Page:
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Potential Fungal infection?

This is a discussion on Potential Fungal infection? within the Sick Axolotl? forums, part of the Axolotls (Ambystoma mexicanum) category; Hi all, I posted a question about this a while back at this thread (where a photo is also available): ...

Sick Axolotl? Axolotl looking down in the gills? The doctors are in.

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Old 7th February 2009   #1 (permalink)
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Default Potential Fungal infection?

Hi all,

I posted a question about this a while back at this thread (where a photo is also available): Red spots . I recently used my axolotl as a demonstration specimen for a herpetology laboratory at Cornell U. and the grad. student TA's thought that the strange lesion on her head seemed like some sort of fungal infection. In addition to the dark, brick red center, the mark is surrounded by a sulfury-yellow border that is not so easy to make out in the photograph. It has a somewhat porous looking texture (i.e. tiny "pits" that can be seen if observed closely. She has a similar yellow mark on left side just above her hind leg. As stated in my post from last year, none of these marks have really changed much, but they still worry me. If there is something that I can do about them I would really like to, but I need to know what they are first. I checked out axolotl.org's health section, but couldn't find much in the way of pictures to compare mine to. She also still has the little dark red flecks on her body (not all over, but there are at least half a dozen of them). I don't know if those are related, but they are of similar color to the center of the mark on her head. Any help would be much appreciated.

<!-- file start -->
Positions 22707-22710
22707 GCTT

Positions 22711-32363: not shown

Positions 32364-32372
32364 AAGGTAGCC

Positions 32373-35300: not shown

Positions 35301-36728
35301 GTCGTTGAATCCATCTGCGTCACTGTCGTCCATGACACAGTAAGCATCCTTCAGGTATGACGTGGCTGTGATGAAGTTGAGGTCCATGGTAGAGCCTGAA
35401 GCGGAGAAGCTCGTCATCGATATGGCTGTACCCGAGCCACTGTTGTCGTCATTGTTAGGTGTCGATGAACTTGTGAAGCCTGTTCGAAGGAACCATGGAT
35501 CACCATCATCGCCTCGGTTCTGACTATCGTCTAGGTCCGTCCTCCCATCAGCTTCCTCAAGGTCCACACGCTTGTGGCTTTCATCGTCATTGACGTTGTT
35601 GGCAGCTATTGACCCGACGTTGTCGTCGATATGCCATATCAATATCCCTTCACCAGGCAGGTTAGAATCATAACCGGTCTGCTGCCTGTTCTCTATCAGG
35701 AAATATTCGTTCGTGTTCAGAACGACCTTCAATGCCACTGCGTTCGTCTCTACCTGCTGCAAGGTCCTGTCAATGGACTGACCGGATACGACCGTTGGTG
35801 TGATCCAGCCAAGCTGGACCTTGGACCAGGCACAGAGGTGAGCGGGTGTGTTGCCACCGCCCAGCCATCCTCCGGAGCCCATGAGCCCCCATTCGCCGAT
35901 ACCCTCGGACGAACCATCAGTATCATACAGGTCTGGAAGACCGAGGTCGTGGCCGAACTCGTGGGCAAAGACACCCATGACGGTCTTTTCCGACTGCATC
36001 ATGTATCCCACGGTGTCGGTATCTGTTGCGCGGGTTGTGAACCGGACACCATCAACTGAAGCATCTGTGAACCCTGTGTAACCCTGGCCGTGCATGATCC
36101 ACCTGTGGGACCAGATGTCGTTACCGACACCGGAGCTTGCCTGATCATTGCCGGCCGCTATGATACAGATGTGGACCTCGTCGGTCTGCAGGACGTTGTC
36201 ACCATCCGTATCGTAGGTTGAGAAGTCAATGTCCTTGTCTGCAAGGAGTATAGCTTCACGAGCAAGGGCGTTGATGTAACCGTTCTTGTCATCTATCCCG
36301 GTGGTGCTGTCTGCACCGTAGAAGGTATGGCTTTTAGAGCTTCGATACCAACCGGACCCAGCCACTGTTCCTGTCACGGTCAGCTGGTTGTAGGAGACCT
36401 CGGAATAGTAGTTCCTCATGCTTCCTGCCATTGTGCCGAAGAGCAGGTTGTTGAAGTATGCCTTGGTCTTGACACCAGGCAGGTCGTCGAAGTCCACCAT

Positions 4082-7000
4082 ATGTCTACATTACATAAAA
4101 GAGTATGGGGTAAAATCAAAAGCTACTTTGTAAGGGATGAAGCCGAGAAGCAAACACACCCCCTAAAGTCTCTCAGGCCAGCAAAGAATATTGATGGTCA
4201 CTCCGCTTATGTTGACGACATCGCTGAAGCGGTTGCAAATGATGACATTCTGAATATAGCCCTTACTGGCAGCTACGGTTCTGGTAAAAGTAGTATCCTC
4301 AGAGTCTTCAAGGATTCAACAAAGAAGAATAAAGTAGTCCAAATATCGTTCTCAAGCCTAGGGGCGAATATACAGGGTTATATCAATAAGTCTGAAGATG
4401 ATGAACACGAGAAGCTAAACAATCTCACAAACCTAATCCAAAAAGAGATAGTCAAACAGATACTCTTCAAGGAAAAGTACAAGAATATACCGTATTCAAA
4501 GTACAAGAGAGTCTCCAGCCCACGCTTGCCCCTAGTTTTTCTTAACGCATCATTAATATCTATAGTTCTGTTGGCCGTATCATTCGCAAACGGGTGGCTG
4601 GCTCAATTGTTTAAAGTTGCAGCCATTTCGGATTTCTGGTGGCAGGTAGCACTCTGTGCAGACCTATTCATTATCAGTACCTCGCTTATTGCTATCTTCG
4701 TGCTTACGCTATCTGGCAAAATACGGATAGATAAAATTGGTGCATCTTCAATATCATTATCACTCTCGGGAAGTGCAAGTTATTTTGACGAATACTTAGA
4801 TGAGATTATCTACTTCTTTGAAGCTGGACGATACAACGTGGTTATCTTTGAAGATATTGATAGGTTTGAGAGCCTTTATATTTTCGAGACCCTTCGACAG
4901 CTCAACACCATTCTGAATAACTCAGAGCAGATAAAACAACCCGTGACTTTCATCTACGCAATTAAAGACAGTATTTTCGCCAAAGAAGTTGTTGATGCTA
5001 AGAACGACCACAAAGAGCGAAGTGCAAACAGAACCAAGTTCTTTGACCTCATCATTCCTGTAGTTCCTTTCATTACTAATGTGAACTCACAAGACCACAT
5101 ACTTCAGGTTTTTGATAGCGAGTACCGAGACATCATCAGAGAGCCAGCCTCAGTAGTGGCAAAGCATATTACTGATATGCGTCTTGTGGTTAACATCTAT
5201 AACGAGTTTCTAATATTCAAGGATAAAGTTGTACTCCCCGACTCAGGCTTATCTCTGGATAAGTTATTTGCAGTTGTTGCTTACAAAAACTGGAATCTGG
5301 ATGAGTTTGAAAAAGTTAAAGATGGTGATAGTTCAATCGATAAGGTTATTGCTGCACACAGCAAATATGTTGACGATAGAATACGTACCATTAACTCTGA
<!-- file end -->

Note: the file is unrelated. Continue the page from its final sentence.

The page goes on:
Thanks!



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Old 8th February 2009   #2 (permalink)
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Default Re: Potential Fungal infection?

HI MrGuyPerson,

Has your axie shown other signs of illness or stress? You mentioned it still has a voracious appetite in your previous thread so thats definitely a positive sign. However, does your axie present with curled tail tip, forward facing gills, unusual writhing or twitching behaviour, excessive floating, other appearing lesions or excessive mucus like coating on the skin?

Is the lesion draining with a discharge? How about the red specks, do they appear to be growing in size or in number? How long have these lesions been present? Were they a gradual onset or acute in presentation?

There are a few differentials for the lesion on the head.

- Granuloma (deep seeded fungal mycosis, parasites, embedded foreign body)
- Abscess (tend to be bacterial infection but can be by other pathogens)
- Neoplasia (disorder of growth, can be benign or malignant)
- Nevus (mole) or 'scar tissue'.

It could just be 'scar tissue' from a previous trauma. Although axolotls regenerate, they sometimes don't regenerate in the same perfect manner we want them to and can look different.